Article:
By John McPartland and Fred Gardner, July 29, 2015
The longtime executive director of the International Cannabinoid Research Society, Rik Musty, died July 26, at home in Wacouta, Minnesota, at the age of 72.
Rik was born in Minnesota, earned a BA from Carleton College in 1964, and a PhD in Psychology from McGill in 1968. He joined the University of Vermont faculty that year, and chaired the Department of Psychology from 1975 to 1987. He mentored 31 Masters and Doctoral students, and served on the committees of 20 additional theses and dissertations.
His cannabinoid research began in 1973, as a Visiting Professor in Sao Paulo Brazil, working with Karniol and Carlini. That fruitful collaboration continued through 2006, bolstered by sabbatical leaves to Brazil in 1981 and 2004. PubMed lists 25 publications. Musty also wrote a dozen book chapters —including two published in 1984 on the anti-anxiety effects of cannabidiol.
A paper he-coauthored (Eur Neurol. 38:44-8) encouraged the development of a cannabis-based medicine for the treatment of multiple sclerosis; it has been cited more than 200 times.
In 1987, Rik, Greg Chesher, and Paul Consroe chaired the Melbourne Symposium on Cannabinoids (following an IUPHAR meeting) and edited a report published by the Australian government. In 1990 Rik, Consroe, and Alex Makriyannis organized a symposium on Crete at which Rik proposed that cannabinoid researchers form a society to hold annual meetings. He had brought by-laws of a Vermont non-profit to expedite the launch of an International Cannabinoid Research Society. The 45 charter members include many still active in the society: Greg Chesher, Dale Deutsch, Mahmoud ElSohly, Javier Fernandez-Ruiz, Eliot Gardner, Allyn Howlett, Toby Jarbe, Thomas Lundqvist, Alex Makriyannis, Raphael Mechoulam, Roger Pertwee, Patti Reggio, and Herb Seltzman.
Consroe says that the creation of the ICRS loosened the vice-like grip of the US National Institute on Drug Abuse on conference content. NIDA is still the dominant funder of cannabinoid research and strongly influences the ICRS agenda —but not to the extent it once did, says Consroe.
The first ICRS symposium was held in Keystone, Colorado, in June, 1992, as a satellite meeting of the College on Problems of Drug Dependence.
Rik served as the first ICRS treasurer, then was executive director through 2010. Assisted by Diane Mahadeen Musty, he ran exceptionally collegial, increasingly well-attended meetings in memorable locations. The Society acknowledged his contribution through an ICRS Career Achievement Award presented at the Lund, Sweden meeting in 2010.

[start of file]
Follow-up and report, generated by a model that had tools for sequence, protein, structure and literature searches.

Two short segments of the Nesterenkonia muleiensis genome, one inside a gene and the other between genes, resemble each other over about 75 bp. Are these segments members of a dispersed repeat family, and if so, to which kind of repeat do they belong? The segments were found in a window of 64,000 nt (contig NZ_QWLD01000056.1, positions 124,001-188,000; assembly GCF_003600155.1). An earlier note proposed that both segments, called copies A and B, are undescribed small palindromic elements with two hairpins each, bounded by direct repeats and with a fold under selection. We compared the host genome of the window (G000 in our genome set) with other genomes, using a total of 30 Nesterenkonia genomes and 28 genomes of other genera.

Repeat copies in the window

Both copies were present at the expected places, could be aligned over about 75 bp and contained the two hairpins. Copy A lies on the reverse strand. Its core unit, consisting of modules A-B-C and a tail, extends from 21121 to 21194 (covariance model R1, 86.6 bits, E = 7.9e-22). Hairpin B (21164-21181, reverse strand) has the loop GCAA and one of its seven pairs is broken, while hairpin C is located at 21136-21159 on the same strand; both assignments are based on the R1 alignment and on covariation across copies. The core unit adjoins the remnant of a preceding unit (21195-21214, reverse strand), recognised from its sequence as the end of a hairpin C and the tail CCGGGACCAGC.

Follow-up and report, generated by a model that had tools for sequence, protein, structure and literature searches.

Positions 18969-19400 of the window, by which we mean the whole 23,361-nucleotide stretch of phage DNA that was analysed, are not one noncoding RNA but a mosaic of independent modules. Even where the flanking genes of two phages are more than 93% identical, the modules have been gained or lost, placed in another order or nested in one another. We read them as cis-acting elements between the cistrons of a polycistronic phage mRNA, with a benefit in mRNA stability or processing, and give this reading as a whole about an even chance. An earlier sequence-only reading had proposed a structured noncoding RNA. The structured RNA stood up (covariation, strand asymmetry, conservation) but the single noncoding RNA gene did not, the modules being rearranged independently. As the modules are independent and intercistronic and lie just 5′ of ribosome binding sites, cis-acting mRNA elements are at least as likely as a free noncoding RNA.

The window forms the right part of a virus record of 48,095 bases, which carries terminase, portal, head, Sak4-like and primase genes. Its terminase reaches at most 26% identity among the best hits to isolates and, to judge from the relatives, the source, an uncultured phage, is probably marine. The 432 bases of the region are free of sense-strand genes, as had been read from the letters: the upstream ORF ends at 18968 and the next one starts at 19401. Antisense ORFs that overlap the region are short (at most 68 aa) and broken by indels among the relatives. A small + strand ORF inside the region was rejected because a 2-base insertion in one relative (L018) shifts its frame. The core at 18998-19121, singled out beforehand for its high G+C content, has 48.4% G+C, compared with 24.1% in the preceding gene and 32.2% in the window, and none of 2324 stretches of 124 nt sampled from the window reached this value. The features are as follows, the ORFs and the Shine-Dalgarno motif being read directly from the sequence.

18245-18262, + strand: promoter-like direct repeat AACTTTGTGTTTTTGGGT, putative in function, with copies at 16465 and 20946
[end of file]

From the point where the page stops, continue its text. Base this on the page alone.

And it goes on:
Rik was a quiet-spoken man with wide interests. Few people know his political career. Rik teamed with Bernie Sanders in 1982, which propelled both of them into office—Rik as Burlington City Councilman for Ward 1, and Bernie as Mayor. Rik served for four years on the city council; Bernie went on to run for higher office. In 1986 the two men taught a class at the University of Vermont on “The ‘60s.” (Video of their first 2-hour-long class has been made available by the archivists at Burlington’s Channel 17 / Town Meeting TV. Sanders comes on at the 77 minute mark.)
Rik’s political skills were on display at the 1998 ICRS meeting in La Grand Motte, France. At the end of the NIDA presentations, Ed Rosenthal of High Times bluntly asked “Do any of you think your work is influenced by [NIDA Director] Alan Leshner’s bias?” There was a pause as the panelists looked at each other to see who would respond. After a few beats Rik said, “Science is always influenced by the culture in which it’s conducted.”
Earlier this year Rik forwarded (to FG) a warning posted on the US Food and Drug Administration website about products falsely labeled as to their cannabidiol content. He said he hoped that, “as the first U.S. researcher to investigate CBD,” his request to the FDA for more information would be honored. We ran a news item about the FDA’s warning to scammers, and were planning to publish whatever Rik could find out about FDA’s monitoring and testing of CBD products.
Rik’s Minnesota sense of humor was like Garrison Keillor’s. My (J. McP.) first appointment to meet Rik at his office in October 1993 was delayed by a freak Autumn snowstorm. My second visit in May 1994 also occurred in the midst of an unseasonable snowstorm that shut down Burlington. Rik smiled and asked me to limit my visits to normal winter months. He will be missed.